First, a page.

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Generally, chapter 13 is preferred by debtors who have a valuable asset, such as a home, that is not completely covered by exemptions and that they wish to keep. This is possible because under Chapter 13 a debtor proposes a plan to repay creditors over a three to five year period during which the debtor can make up overdue payments on any assets and pay into the plan the equivalent value of any assets not covered by exemptions. Since the debtors plan will require regular monthly or biweekly payments, Chapter 13 is usually only appropriate for an individual debtor who has a regular source of income.

At a confirmation hearing, the court either approves or disapproves the plan, depending on whether the plan meets the Bankruptcy Code’s requirements for confirmation. Chapter 13 is very different from chapter 7, since the chapter 13 debtor usually remains in possession of the property of the estate and makes payments to creditors, through the trustee, based on the debtor’s anticipated income over the life of the plan. Unlike chapter 7, the debtor does not receive an immediate discharge of debts. The debtor must complete the payments required under the plan before the discharge is received. The debtor is protected from lawsuits, garnishments, and other creditor action while the plan is in effect. The discharge is also considerably broader (i.e., more debts are eliminated) under chapter 13 than the discharge under chapter 7.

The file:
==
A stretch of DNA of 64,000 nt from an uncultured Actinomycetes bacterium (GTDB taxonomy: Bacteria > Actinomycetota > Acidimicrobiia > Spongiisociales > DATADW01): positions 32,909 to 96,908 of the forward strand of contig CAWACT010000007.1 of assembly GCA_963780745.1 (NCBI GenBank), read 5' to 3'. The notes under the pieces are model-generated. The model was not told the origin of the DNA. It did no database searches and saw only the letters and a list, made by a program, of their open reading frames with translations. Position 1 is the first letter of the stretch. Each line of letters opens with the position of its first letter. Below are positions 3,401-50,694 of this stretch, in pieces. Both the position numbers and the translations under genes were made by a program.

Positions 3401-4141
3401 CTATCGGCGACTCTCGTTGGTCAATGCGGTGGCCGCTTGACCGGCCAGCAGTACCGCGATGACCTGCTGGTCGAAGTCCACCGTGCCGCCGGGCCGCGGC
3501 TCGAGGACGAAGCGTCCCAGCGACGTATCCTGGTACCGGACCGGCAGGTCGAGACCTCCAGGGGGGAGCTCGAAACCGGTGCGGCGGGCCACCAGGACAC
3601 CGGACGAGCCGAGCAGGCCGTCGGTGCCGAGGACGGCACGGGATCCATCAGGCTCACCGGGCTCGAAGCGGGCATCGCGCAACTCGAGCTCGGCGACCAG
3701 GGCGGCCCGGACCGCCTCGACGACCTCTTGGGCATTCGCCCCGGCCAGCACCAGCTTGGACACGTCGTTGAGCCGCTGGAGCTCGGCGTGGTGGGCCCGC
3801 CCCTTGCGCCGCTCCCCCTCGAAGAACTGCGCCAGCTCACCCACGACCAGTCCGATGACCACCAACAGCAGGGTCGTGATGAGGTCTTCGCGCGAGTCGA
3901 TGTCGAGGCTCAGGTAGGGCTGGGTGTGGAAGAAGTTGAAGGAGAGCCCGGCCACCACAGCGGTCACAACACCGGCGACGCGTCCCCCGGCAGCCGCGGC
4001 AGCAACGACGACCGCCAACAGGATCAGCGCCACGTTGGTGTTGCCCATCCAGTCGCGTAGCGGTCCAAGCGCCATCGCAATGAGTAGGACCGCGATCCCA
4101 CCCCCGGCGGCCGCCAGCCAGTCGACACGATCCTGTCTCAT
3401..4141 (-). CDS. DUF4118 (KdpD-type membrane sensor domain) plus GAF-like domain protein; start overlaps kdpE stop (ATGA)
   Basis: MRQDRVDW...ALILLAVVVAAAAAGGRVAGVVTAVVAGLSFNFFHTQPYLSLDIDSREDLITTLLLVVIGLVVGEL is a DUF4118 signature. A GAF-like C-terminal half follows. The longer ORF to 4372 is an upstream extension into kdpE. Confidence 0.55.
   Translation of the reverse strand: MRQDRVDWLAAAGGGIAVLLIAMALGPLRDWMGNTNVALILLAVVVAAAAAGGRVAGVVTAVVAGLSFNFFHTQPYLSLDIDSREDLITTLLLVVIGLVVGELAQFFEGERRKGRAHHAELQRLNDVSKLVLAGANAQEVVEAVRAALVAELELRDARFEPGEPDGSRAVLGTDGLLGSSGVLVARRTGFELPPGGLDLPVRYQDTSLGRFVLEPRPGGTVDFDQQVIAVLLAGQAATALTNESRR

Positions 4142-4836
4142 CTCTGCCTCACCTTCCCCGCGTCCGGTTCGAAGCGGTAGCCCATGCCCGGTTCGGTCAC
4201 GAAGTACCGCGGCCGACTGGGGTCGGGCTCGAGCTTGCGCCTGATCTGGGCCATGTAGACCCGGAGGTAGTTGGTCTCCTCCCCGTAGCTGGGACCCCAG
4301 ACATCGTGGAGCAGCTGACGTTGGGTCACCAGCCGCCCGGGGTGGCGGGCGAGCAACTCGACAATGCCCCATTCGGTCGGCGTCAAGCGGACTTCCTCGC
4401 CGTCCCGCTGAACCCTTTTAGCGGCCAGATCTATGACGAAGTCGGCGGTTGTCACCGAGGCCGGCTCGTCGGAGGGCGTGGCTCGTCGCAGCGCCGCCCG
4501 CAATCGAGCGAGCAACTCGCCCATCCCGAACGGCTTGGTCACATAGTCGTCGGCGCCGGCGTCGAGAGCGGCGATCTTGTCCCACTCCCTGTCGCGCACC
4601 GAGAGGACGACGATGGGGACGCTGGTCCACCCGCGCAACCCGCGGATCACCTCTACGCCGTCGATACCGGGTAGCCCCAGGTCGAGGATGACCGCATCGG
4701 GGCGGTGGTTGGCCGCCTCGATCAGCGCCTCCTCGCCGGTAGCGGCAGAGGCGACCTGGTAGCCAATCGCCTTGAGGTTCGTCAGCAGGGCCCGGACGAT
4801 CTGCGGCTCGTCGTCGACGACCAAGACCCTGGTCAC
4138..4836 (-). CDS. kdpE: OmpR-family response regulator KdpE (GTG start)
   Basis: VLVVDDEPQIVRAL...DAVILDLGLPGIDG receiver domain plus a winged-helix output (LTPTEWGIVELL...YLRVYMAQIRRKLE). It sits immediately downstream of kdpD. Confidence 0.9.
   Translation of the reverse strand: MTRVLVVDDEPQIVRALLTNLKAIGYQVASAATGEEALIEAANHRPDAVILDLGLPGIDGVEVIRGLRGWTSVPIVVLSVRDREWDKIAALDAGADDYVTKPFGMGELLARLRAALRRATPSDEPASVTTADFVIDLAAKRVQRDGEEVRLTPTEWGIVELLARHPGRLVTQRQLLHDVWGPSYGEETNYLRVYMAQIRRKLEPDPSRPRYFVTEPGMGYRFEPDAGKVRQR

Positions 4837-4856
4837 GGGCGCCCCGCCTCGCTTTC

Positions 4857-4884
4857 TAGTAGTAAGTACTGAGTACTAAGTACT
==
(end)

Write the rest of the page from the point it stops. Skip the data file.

Link to more information:

Bankruptcy Basic, US Bankruptcy Court

 


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